Last night, Fuji TV aired a special on hanami (Japanese meaning “flower viewing”). They focused on foreigners in Japan for the event. I visited Ueno Park on Saturday to do some filming of my own and the Fuji TV crew took notice of me.

I made sure to turn this into something big.

While I was filming, they approached me and asked if they could follow me. I said ‘sure’ and we walked along the park. They asked me questions about who I was, where i’m from, and what I was doing. I answered them all and talked to them about my Youtube stuff. They were starstruck.

They featured my channel on Japanese television and what I was all about. I wasn’t sure if I was going to make the cut but judging by the picture above, I made it.

Prior to the day at the park, I had a brief meeting with Japanese porn star Hitomi Tanaka. I met her at an event in Akihabara and we talked for about 5 minutes before she had to sign more autographs. I bring her up because the featured image above is her Twitter post. She helped give me a wider audience. This is an example of making your money work for you.

Being on Japanese television is
another stepping stone.

While I am GLAD I was on Japanese TV, it doesn’t mean much to me right now. I got more exposure by just being me and being at the right place at the right time. Hitomi showing me to her fans was a plus.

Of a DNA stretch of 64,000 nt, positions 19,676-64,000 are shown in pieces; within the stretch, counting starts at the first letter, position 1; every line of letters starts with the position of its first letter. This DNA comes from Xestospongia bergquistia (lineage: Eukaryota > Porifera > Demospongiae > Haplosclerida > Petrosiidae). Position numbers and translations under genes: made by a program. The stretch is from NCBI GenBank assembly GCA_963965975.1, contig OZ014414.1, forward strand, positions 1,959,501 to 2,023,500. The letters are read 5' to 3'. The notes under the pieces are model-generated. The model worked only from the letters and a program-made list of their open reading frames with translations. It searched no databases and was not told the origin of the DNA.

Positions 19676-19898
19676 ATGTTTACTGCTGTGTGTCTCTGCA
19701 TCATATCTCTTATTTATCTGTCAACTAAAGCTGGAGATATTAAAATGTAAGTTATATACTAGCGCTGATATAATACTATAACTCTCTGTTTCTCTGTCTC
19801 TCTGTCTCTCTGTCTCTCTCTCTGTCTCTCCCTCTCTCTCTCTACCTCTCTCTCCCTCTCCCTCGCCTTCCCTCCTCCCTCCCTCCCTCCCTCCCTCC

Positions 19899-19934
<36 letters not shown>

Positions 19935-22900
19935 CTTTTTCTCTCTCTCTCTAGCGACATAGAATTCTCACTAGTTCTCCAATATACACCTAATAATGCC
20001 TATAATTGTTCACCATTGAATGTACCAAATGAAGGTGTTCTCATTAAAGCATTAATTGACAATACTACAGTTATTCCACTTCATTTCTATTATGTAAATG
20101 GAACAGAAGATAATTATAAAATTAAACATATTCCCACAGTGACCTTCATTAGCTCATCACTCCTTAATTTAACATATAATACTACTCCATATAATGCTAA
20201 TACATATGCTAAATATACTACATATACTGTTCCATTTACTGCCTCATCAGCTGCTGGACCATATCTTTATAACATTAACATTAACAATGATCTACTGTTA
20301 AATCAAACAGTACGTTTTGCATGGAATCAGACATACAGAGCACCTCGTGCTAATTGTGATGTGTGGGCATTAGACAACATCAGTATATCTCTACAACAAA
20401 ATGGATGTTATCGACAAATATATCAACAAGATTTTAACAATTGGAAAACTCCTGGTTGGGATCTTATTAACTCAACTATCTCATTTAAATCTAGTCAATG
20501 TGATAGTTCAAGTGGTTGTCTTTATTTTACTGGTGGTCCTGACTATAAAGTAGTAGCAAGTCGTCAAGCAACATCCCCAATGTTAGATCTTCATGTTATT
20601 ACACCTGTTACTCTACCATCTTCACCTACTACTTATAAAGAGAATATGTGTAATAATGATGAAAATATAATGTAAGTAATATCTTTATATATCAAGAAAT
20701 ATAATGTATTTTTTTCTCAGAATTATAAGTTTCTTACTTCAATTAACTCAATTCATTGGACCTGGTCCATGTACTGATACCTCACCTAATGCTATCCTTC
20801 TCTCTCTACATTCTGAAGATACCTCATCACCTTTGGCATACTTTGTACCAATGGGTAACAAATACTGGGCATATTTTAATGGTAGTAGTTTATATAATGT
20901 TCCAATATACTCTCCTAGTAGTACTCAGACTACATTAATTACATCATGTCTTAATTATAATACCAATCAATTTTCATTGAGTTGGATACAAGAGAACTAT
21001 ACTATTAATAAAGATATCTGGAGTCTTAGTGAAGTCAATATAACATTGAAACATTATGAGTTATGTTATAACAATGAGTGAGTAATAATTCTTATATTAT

Since I got all of this exposure, what can I do now? Continue to do what i’ve always done: make YouTube movies and build businesses up through my works. I got a new audience and only hope they can see people like me in a different light.

Years ago, I would have stopped here.

I was in a similar position when I interviewed Waveya back in 2013. On my old channel, I got over 350k views within a month and hundreds of subscribers. What did I do afterwards? I sold out for free. Literally.

A K-pop website in Australia approached me and asked me to interview singers. They also asked me to make videos on Korea. I did this free like an idiot. Well, calling myself an idiot isn’t fair. At the time, I really thought doing things like that was the proper thing to do. After all: the baby boomers couldn’t be wrong.

For eight months, I put in probably $80k worth of work to this company. They were getting paid while I was getting nothing.

I was miserable because I let an outside source kill my momentum.

Once I left Korea and stopped doing regular updates, I lost my fanbase. I tried again in September 2015 and i’m starting to see the fruits of my labor. All I had to do was to never stop.

This site and Pop Over Asia is the beginning.

I expect to experience more amazing things in my life time. Right now, I want to get the word out to never stop improving. If you get something really good, that’s awesome. Always strive for higher or strive to maintain what you have because it can go away at ANY time.

Peace and love always!
Shaun